They often say life is full of regrets, yet I had none...

He dropped the shovel and admired his work, as he stood beside the home made grave.

I don’t know why I thought it was a good idea.

The decision I’ve just made I now regret.

The plan now is to whittle the sentences down to one key sentence per year group. I might cheat and include a top ten of sentences. There’s just so many good ones. Then, we are going to write the next paragraph. At each stage, I intend to do some explicit teaching or guidance on writing. I might even film a video for it or two.

The next paragraph is about introducing the protagonist. I am very grateful for the writer Dan Walker for allowing me to share his opening to his novel. Students are going to look at how to introduce their character. They will, however, be continuing from the opening sentence I have selected. Here is the link to a resource I am using. 

Each new week will bring a different part of the story. We will introduce our setting, our antagonist, our complication, our crisis and resolution, but each stage is influenced by the students.  All responses written by students are small – not even 200 words. Ideally, I am working on 1 to 5 sentences. The whole purpose being the activity is teaching students about storytelling at the same time as writing a story.

We don’t know how long we are going to be closed, so I am thinking how I can expand and explore ideas. I might get to a stage where we need a subplot. Or a flashback. Or a prequel. Or a sequel. I am even thinking at a later stage we get students, at home, creating PR materials such as covers, posters, trailers, etc. Who knows where we will get to?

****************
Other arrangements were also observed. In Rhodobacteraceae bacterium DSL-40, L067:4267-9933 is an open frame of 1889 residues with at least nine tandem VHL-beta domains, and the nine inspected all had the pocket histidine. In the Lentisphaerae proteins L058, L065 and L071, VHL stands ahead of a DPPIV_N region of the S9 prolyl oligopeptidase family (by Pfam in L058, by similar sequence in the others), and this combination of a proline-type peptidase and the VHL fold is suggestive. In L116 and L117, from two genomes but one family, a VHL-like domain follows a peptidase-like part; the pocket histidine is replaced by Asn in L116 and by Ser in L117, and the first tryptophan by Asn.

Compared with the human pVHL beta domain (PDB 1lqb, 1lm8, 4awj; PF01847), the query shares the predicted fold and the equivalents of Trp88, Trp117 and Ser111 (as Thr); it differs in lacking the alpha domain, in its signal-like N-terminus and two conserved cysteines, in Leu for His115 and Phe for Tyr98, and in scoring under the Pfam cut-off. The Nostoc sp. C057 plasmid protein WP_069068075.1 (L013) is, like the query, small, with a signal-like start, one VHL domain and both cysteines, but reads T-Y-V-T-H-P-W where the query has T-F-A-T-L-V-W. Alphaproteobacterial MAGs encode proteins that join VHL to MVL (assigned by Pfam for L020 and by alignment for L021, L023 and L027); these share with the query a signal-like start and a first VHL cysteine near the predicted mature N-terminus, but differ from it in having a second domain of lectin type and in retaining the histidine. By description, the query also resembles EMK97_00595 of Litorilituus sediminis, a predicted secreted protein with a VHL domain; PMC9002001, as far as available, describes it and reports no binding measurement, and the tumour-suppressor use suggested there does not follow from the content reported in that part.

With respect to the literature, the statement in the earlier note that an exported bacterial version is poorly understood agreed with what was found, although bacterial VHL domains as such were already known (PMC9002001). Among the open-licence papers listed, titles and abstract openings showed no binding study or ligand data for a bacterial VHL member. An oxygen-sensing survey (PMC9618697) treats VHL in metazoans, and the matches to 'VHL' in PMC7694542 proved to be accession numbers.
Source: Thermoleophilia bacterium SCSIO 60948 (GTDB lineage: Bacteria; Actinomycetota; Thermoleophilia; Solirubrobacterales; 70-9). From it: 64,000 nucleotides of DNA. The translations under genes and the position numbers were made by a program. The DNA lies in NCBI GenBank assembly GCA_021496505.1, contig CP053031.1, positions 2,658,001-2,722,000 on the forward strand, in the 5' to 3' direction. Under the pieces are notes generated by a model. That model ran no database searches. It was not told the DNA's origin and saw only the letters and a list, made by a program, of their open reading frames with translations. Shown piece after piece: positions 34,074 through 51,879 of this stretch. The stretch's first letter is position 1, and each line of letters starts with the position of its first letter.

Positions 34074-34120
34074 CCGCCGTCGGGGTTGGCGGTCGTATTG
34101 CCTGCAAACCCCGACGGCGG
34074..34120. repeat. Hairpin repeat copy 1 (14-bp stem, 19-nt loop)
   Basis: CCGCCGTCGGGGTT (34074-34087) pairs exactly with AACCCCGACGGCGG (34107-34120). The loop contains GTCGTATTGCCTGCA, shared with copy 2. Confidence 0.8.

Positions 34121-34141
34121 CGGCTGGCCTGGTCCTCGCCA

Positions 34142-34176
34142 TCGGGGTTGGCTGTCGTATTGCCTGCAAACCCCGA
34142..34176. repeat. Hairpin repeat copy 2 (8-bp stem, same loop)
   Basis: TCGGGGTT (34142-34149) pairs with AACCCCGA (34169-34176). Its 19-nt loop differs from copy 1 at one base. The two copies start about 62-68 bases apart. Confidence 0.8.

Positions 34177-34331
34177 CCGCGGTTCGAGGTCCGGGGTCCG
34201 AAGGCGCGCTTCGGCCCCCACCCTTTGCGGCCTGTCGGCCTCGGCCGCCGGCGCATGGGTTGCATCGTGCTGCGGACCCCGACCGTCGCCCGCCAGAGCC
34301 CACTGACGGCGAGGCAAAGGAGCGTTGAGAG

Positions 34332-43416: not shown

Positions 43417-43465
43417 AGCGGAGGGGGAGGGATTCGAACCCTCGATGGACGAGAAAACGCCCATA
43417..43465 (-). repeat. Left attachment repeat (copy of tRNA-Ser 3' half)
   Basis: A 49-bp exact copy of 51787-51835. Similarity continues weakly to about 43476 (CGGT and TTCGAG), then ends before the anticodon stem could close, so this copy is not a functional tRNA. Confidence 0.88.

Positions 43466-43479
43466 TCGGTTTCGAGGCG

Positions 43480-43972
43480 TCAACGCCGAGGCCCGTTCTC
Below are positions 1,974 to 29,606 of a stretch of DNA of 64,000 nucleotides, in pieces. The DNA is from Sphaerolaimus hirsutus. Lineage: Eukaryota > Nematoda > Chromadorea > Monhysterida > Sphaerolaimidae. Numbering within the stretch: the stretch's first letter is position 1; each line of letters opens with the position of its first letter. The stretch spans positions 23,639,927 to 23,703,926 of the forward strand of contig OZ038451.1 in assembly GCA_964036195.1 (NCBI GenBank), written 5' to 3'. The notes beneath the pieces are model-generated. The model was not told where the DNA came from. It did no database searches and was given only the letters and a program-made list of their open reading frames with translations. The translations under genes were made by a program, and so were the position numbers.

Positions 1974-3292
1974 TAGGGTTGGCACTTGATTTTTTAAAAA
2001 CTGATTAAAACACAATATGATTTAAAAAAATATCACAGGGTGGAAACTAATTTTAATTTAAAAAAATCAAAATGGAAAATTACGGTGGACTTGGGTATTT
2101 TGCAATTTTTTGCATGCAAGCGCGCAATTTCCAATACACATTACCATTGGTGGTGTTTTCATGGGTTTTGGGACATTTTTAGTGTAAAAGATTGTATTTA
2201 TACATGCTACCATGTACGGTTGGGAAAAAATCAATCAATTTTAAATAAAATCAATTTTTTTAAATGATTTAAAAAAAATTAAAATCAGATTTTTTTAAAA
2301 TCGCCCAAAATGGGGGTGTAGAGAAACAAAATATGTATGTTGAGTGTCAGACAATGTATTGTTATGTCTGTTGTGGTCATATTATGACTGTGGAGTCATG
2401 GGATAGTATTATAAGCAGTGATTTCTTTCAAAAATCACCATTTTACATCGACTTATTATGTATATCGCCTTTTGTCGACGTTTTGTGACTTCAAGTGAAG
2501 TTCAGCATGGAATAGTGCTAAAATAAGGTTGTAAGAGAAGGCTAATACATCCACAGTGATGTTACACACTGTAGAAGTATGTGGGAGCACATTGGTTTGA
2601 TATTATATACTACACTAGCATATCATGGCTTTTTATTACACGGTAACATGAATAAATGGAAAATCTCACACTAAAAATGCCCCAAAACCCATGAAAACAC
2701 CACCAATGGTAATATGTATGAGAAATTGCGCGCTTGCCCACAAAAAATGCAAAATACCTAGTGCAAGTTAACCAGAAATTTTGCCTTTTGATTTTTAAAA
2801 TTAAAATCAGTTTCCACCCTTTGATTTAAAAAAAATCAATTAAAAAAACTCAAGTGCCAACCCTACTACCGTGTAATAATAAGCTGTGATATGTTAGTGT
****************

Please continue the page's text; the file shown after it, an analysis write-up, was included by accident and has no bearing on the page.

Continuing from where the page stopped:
As I said, the response has been phenomenal. I have several submissions during the typing of this blog. I am loving the collective and interactive nature of the story telling. To be honest, I have no idea where these stories are going to go. Three separate stories. No plan. No end point. No overall structure. A scary notion, but one that’s interesting. However, we are all working together, uniting people.

Over the weeks, I will place more materials on the blog as and when I create them.

Thanks for reading,


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I shot the counterargument but I didn’t shoot the argument

March 15 2020

At the moment, I have been marking some Paper 2 mocks and the whole process is making me revise how we teach non-fiction. To be honest, I find the teaching of non-fiction really interesting. Throw a paper aeroplane out of a window – disinfect it first – and you are guaranteed to it someone with an idea about how to write a story. Do the same thing for non-fiction and you’ll get nothing.

In fairness, we teach non-fiction writing terribly. We’ll enthuse about creative writing to the extent that we will bring in sand and pebbles from the beach into lessons, just so our cherubs can find the right adjective to describe a beach. We might even play sounds of the ocean and blow in their faces so they can just get the experience right. Coffee breath and all! We might even allow Derek to eat his tuna sandwich during the lesson, because it is atmosphere building. Trish has opened all the windows to ensure the right temperature. Sharon has stolen a salt cellar and started flinging it in people’s faces. Trevor has taken it upon himself to make various bird noises until it draws the attention of SLT.

The problem with non-fiction is that we throw ideas at them. We teach students that non-fiction is about ideas and hundreds of them. That’s why when students write non-fiction they throw every idea at us. Why is smoking bad? Six paragraphs later and the students have listed four billion reasons why smoking is bad. Yes, you could teach them about Pathos / Ethos / Logos - but still they have listed a billion reasons, just with added emotion.

The problem comes with forming an argument. We tell students to list their ideas. We tell them to think of the opposite arguments. We get them to expand, list and build up arguments. We don’t get them to select, pick and identify the best argument. We don’t get them to select the one reason that is the best. That’s why non-fiction writing tends to follow the structure of: